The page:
Writing at any level can be a daunting prospect. Whether you are a college student writing an essay, or a scientist submitting a paper to a peer-reviewed journal, you will probably at some point start to wonder if the style and content of your manuscript is as good as it can be. Thus before you even start, make sure that you understand the instructions and the target audience. That will determine the writing style, the length and the format of the paper.
It is a good idea to follow these guidelines right from the start, as making corrections later can be time consuming and can lead to omissions. The specific format will determine the style of the headings used, line and paragraph spacing, use of tabs, etc. But most importantly it will dictate the presentation of in-text citations and references. There are many formatting styles (APA, MLA, Chicago, Harvard, etc.) with instructions and examples of formatting, citation, and referencing specifics available online. Peer-reviewed journals and some universities may have their own standards. They also stipulate if running heads should be used, determine page numbering style, recommend layout of the document, specify required sections, etc.
Once your writing is complete, the first step is to use spelling and grammar check to correct the most obvious mistakes, such as typographic errors, using double spaces, etc. However, bear in mind that some suggestions may not be correct, and not all mistakes will be caught. After correcting the “crude” mistakes, you should concentrate on the overall presentation. Are the sections laid out in a logical manner? Does the writing flow from one paragraph to another? Is it repetitive? What style is used? Some writing standards recommend use of active vs. passive voice. For example: instead of “participants were given three hours to complete the questionnaires,” which is passive; active alternative would be “the participant took three hours to complete the questionnaire.” This is a matter of preference and personal style, but it should be used consistently throughout the document. Another important aspect is avoidance of specific gender (unless it is required by the study). Careful choice of words when referring to race is also necessary. Using Caucasian instead of white is currently deemed more appropriate. Similarly, the content should not be offensive, disrespectful, or derogatory. Other aspects of writing that are often contentious are: use of numbers, presentation of decimal points, dates, and statistical terms.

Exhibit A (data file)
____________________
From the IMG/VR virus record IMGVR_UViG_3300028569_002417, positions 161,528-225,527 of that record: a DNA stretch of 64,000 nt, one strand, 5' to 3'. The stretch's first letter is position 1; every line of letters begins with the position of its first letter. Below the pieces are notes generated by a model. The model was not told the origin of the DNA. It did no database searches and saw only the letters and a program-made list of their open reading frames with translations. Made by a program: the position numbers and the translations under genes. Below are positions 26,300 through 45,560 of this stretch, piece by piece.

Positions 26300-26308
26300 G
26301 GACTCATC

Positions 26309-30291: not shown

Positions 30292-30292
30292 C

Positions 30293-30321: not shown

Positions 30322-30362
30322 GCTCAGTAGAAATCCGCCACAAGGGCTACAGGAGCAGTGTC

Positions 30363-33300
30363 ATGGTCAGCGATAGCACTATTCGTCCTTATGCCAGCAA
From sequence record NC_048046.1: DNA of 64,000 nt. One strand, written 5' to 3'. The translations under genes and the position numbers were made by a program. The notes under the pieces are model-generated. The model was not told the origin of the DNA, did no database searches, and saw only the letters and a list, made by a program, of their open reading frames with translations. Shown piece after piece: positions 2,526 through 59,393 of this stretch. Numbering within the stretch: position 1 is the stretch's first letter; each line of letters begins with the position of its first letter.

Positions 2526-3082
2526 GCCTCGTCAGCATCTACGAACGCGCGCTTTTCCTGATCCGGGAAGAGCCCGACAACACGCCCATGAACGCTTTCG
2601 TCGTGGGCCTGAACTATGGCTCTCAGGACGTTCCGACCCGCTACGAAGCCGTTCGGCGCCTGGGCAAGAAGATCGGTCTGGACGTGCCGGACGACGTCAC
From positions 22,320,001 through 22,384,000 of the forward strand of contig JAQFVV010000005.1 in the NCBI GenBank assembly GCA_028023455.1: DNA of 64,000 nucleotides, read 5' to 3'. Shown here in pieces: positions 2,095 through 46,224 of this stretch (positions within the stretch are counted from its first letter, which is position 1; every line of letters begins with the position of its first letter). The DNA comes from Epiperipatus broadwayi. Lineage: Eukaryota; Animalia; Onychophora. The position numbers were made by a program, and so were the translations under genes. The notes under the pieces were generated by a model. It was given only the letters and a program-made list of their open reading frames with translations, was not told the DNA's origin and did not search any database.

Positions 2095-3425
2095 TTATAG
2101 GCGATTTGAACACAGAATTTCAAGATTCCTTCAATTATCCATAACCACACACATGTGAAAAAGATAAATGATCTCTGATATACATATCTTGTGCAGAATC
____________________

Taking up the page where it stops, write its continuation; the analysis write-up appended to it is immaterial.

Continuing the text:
It is hard to summarize all important points in a short article. But the main point to remember is that you should always strive to follow the specifications from the beginning, and only rely on spelling and grammar checks as a last resort. Carefully proofread your document for any omissions and mistakes, and aim to have a colleague or a friend review your work. This will help identify any unclear aspects of your writing, as what you deem obvious may not be to somebody not familiar with the subject of your work. Finally, it is, whenever possible, ideal to seek help from a professional editor, as they have all the necessary expertise your document requires. At FirstEditing.com we pride ourselves on not only offering high-quality editing services, but in ensuring that each document is assigned to the most appropriate editor, based on their academic and professional background.
When writing on any topic, first and foremost, you must decide who your target audience is. That will determine the scope of your work and the level of detail you need to present. If writing a scientific paper, the assumption is that your readers will be experts in the field and you need to introduce the subject with only a few sentences. This is followed by a quick review of the work carried out in the related field, before moving onto your study. This is where your focus should lie, and you must describe your work in a manner that is easily understood.
Once the paper is complete, you may think that the hard part is over, but this may not be the case, as the content should be carefully edited before submission. Here are some tips on how to do that the most effectively.
- Leave some time between writing and editing, as this will ensure that you approach the text with a fresh mind. This is essential, as familiarity with the content may result in reduced attention to detail, causing you to miss even the most obvious mistakes.
- At the start of the edit, make sure that the correct version of English (e.g., American, British) is selected in your Word processor, as this will affect the spelling of some words and usage of expressions.
- Ensure that “Check spelling and grammar” is selected, as this will highlight any misspelled words and issues with sentence structure. It is surprisingly easy to reverse letter order or misspell words when writing about one’s work and focusing on the facts one wishes to convey.
- Check to ensure that all terms and acronyms are defined at first usage (except for the well-known ones, such as US, UN, etc.) and are used consistently throughout the text.
- Make sure that your style guide of choice is consistently followed, especially when formatting citations and references. This applies to the presentation of the entire document and affects usage of direct quotes, punctuation, paragraph spacing, indentation, etc.
- If writing on a subject that will have wider readership, ask several friends or colleagues of different backgrounds to read your work to see if it can be easily understood.
Finally, seek editorial input, as these experts will quickly address all of the above, leaving you to focus on your work! This is by far the most effective way to ensure that your work is presented in the best possible light and will likely lead to expedient submission.